Published by Marciano Art Foundation. Edited by Stephanie Emerson. Text by Doug Harvey, Philipp Kaiser.
The inaugural exhibition of the Marciano Art Foundation, Jim Shaw: The Wig Museum highlights Shaw’s (born 1952) career-long engagement with America’s diverse histories. The Los Angeles local used the enigmatic artifacts found during the transformation of the former Scottish Rite Masonic Temple where the foundation resides—stage sets, robes, costumes and wigs—to construct a metaphor for the wig-wearing masonic and judiciary Anglo-Saxon power that is coming to an end.
Published by Walther König, Köln. Edited with foreword and interview by Marc-Oliver Wahler. Text by Tristan Garcia, Janine Perret-Sgualdo.
Graphics and propaganda from secret societies, evangelical and fundamentalist movements, new-age spiritualists, Scientologists, Freemasons, ultraconservatives and all kinds of conspirators; encyclopedias for children and even Dr. Netter's famous medical illustrations—with The Hidden World, Los Angeles–based artist Jim Shaw (born 1952) exhibits the incredible collection of didactic graphic art that is the main source of inspiration for his diversely informed art. Renowned for his striking paintings, drawings, videos, installations and performances, Shaw is also a compulsive collector, constantly on the hunt for pop-culture arcana in thrift stores or on the Internet. The Hidden World gives the reader the chance to dive into an overflowing world of paintings, sculptures, brochures, t-shirts, books, vinyl and educational material that recycles the myriad myths and beliefs of America. A lengthy interview with Shaw elucidates his fascination with this visual world.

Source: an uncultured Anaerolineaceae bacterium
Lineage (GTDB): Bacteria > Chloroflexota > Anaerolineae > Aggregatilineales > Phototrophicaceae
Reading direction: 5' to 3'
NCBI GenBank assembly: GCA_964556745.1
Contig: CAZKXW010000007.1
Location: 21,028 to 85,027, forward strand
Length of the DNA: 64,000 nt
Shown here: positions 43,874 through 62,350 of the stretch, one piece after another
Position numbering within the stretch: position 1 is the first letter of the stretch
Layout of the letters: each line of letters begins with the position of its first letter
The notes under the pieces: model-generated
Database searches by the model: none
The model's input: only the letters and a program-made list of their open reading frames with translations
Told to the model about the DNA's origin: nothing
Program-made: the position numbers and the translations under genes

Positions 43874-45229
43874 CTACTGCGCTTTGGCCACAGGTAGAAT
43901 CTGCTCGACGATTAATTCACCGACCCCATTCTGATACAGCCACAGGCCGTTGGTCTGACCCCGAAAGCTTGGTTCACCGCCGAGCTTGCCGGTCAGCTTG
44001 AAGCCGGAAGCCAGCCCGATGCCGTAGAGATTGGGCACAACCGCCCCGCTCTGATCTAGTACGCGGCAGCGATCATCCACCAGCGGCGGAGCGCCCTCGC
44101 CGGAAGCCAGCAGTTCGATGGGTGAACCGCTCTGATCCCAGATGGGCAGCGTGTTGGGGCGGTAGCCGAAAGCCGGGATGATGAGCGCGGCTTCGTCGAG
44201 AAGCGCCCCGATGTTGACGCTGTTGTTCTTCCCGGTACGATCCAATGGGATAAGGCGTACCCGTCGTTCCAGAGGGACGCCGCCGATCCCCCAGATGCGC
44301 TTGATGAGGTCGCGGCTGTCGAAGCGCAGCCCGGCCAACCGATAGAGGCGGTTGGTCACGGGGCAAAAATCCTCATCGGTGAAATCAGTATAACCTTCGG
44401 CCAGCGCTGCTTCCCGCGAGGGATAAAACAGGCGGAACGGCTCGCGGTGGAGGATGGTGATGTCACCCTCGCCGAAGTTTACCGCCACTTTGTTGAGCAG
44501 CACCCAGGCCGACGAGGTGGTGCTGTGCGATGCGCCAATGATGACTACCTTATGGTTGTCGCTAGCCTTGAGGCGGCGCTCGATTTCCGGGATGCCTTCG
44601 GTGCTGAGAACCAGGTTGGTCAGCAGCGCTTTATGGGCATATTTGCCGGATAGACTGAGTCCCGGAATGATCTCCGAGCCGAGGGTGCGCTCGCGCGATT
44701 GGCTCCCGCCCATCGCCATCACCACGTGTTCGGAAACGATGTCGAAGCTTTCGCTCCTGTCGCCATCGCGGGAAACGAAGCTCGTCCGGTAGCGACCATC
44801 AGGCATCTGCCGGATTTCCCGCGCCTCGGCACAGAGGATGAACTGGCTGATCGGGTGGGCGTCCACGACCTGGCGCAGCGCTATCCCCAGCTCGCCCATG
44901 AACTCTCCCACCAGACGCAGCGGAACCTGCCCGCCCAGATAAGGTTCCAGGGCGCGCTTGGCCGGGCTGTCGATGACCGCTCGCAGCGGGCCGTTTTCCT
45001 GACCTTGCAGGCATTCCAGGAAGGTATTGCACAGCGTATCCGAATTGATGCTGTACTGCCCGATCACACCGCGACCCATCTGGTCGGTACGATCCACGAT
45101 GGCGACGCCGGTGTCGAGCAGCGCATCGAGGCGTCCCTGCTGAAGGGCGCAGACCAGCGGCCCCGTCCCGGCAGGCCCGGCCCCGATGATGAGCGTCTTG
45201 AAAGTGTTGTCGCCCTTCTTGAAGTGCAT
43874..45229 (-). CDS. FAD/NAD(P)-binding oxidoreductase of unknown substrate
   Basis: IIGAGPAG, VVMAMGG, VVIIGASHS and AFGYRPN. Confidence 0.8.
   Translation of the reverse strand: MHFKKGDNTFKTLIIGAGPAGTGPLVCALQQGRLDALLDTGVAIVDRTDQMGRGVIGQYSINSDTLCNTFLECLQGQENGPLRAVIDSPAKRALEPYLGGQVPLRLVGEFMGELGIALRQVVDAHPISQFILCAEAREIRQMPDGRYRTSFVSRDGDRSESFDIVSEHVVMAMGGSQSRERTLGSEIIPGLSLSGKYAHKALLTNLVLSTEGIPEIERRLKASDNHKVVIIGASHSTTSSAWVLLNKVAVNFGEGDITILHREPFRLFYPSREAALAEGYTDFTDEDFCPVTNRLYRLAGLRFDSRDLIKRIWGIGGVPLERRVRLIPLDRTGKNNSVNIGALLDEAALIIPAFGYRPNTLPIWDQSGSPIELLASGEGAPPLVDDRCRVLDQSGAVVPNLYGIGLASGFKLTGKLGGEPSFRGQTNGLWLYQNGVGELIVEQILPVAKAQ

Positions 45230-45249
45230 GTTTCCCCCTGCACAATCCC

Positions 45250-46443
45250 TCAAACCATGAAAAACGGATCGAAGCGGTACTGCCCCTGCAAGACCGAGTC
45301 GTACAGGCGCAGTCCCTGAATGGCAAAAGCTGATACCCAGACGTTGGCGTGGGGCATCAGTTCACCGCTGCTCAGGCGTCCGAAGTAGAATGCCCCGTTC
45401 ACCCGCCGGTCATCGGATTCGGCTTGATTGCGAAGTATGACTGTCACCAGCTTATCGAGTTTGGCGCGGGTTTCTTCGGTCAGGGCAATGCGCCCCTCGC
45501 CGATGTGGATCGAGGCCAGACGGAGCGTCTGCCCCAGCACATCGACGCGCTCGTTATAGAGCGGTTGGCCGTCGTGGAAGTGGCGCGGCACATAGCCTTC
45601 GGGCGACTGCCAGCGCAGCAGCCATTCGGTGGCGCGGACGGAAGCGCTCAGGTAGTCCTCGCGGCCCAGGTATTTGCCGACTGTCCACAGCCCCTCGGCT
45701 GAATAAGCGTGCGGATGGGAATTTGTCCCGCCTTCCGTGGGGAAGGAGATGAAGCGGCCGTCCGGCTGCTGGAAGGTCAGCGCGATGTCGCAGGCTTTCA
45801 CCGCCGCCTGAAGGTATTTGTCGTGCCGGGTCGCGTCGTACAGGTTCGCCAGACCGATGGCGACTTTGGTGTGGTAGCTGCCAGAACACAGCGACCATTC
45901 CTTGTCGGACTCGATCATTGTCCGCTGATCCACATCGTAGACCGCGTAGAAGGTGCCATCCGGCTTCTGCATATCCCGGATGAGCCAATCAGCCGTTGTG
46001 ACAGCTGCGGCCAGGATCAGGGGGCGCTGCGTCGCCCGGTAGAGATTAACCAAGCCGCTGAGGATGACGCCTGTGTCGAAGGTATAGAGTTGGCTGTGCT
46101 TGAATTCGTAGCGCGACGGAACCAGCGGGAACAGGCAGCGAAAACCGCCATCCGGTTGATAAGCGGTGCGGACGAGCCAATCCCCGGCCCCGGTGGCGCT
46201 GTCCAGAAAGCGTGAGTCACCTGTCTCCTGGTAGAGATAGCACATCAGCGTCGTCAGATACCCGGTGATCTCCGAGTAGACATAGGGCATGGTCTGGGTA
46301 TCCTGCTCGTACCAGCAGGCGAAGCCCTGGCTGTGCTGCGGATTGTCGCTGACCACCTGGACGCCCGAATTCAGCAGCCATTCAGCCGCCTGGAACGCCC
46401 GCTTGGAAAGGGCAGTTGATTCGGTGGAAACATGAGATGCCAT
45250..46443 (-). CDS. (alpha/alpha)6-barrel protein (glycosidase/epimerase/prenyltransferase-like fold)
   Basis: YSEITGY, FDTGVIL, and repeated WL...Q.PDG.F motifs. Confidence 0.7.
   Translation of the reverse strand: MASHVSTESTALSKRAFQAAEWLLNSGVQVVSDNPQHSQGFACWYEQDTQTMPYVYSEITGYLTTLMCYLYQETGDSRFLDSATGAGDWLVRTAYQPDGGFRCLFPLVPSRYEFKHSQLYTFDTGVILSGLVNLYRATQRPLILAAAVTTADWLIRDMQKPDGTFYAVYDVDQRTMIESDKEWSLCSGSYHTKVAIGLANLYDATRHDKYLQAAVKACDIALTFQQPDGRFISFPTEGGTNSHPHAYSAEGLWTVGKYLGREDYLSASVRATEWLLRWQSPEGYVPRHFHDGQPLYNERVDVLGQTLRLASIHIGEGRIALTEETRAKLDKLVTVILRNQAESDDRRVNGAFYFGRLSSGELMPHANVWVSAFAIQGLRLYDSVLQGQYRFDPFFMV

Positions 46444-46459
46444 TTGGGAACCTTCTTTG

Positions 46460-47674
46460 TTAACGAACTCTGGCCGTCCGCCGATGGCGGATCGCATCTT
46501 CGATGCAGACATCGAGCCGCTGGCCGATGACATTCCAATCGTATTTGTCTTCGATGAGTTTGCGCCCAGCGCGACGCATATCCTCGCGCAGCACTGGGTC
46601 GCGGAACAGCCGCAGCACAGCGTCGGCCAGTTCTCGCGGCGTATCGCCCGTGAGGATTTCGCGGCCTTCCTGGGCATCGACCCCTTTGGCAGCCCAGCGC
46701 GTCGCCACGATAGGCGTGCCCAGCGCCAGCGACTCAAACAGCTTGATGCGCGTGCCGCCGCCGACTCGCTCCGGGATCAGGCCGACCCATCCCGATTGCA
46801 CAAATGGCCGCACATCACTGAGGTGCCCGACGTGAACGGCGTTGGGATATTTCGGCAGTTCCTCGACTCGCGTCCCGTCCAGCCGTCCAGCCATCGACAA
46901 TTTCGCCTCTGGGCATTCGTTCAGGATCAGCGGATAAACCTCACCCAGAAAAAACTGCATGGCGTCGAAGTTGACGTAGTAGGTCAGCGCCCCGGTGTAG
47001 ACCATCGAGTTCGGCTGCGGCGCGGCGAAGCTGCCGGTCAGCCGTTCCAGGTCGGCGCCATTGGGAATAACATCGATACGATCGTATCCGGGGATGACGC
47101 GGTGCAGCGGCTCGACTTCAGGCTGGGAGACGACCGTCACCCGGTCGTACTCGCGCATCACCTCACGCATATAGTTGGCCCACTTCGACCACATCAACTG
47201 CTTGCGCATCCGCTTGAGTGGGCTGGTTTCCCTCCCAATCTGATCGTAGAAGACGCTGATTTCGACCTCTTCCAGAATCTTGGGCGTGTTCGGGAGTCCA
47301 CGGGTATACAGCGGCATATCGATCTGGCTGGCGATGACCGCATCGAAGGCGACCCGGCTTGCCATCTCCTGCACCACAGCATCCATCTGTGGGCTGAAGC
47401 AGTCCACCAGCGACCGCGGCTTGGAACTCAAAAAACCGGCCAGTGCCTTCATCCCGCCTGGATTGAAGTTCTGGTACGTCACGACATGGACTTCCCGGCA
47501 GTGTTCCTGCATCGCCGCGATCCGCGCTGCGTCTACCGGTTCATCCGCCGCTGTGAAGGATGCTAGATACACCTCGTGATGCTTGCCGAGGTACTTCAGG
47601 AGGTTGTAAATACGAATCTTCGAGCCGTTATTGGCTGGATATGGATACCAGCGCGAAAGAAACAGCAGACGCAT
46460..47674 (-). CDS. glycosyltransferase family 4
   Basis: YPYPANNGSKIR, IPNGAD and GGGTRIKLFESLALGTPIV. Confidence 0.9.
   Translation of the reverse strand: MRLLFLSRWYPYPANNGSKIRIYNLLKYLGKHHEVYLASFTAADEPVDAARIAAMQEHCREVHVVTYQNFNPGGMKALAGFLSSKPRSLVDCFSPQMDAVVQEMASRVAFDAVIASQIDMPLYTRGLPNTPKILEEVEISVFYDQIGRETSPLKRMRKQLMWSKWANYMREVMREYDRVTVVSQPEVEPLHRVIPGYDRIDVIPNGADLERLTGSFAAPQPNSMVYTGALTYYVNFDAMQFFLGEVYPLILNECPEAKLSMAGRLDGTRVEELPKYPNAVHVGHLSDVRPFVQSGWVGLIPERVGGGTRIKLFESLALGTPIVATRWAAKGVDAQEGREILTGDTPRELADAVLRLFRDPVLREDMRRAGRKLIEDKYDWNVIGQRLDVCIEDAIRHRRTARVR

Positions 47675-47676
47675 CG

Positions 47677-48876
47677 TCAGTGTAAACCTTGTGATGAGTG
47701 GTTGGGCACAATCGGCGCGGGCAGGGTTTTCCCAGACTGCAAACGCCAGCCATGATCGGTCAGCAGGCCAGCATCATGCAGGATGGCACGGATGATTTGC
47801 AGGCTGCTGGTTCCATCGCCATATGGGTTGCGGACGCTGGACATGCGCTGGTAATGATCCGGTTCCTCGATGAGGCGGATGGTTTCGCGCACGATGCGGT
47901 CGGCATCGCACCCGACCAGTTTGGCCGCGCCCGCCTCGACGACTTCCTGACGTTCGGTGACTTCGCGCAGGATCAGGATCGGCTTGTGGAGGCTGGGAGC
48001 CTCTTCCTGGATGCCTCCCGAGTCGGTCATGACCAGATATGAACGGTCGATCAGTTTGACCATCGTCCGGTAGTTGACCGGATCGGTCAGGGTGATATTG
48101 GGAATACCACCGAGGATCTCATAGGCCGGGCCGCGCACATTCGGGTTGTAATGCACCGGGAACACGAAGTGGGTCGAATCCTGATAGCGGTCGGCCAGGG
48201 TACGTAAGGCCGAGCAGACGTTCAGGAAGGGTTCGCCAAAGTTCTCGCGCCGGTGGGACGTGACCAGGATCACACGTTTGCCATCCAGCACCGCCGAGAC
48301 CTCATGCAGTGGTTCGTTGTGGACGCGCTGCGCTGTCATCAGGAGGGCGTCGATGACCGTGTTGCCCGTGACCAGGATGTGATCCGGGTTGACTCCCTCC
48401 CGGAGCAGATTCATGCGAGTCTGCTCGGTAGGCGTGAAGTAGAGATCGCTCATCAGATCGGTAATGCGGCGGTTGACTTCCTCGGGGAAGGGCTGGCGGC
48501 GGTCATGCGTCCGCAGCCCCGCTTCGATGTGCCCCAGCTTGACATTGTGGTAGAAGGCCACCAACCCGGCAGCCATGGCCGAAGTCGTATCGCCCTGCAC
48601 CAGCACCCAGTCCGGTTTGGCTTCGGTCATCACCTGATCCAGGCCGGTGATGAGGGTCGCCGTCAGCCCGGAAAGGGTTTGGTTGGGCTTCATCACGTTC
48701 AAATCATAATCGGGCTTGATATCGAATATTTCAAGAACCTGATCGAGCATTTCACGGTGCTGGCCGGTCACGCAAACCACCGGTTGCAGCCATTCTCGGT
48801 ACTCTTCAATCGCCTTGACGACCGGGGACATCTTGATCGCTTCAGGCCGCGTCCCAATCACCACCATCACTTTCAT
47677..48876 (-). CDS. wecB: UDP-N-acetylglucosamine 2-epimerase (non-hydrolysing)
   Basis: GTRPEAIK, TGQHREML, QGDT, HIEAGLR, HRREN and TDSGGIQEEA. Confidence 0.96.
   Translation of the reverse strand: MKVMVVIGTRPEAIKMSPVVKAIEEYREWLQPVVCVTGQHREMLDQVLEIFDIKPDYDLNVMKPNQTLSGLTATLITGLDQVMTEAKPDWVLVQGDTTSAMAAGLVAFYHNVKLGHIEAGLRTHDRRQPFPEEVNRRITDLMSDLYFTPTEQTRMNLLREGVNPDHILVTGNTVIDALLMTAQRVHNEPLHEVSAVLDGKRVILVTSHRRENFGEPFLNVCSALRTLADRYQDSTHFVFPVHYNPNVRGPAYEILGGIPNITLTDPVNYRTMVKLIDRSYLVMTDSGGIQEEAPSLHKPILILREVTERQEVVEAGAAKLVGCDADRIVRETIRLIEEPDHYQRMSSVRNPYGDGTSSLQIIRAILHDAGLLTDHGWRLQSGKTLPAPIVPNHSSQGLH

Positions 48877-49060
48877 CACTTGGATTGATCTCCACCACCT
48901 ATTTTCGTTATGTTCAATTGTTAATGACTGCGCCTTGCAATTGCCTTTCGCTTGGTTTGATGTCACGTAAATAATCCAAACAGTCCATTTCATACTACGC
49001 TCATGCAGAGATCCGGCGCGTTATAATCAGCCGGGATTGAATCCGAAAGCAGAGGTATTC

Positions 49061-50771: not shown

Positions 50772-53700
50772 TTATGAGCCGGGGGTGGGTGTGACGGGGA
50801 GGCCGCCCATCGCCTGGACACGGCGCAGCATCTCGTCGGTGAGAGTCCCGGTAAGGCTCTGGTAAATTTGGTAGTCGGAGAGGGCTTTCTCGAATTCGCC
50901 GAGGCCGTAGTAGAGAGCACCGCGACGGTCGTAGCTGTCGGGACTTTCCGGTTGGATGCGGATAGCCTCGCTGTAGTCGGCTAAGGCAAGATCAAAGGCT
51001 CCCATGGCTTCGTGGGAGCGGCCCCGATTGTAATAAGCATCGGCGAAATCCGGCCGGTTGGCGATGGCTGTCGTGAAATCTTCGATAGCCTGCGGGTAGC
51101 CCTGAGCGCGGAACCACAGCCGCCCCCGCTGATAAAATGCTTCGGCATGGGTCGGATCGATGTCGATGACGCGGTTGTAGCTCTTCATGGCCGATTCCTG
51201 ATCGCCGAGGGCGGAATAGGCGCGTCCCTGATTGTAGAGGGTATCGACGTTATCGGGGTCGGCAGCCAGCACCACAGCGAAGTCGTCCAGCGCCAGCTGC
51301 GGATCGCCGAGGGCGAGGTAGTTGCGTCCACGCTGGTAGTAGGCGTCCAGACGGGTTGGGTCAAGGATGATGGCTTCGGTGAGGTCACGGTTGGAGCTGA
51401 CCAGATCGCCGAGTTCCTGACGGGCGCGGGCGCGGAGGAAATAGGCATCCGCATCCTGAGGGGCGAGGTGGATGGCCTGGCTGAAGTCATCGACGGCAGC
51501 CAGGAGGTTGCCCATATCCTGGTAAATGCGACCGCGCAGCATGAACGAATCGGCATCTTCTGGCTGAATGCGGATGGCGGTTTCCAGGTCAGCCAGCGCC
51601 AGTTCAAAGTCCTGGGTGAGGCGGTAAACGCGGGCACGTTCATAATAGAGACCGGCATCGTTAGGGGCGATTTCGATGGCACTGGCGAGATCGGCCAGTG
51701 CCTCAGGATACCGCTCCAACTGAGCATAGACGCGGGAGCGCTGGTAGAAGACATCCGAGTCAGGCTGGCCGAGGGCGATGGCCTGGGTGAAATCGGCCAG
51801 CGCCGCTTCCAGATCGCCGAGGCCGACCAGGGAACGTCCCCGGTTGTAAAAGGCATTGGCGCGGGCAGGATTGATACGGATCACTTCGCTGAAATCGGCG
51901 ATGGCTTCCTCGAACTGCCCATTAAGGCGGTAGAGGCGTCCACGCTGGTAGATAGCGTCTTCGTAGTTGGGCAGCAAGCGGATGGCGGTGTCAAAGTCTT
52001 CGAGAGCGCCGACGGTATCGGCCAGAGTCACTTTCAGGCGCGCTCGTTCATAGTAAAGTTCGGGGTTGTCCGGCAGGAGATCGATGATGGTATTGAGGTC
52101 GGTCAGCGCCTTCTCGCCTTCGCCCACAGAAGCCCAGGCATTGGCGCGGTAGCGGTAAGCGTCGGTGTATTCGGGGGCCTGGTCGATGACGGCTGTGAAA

Published by Walther König, Köln. Edited by Laurence Sillars. Text by Anne Carson, Robert Currie. Interview by Tony Oursler, Laurence Sillars, Darcey Steinke, John C. Welchman.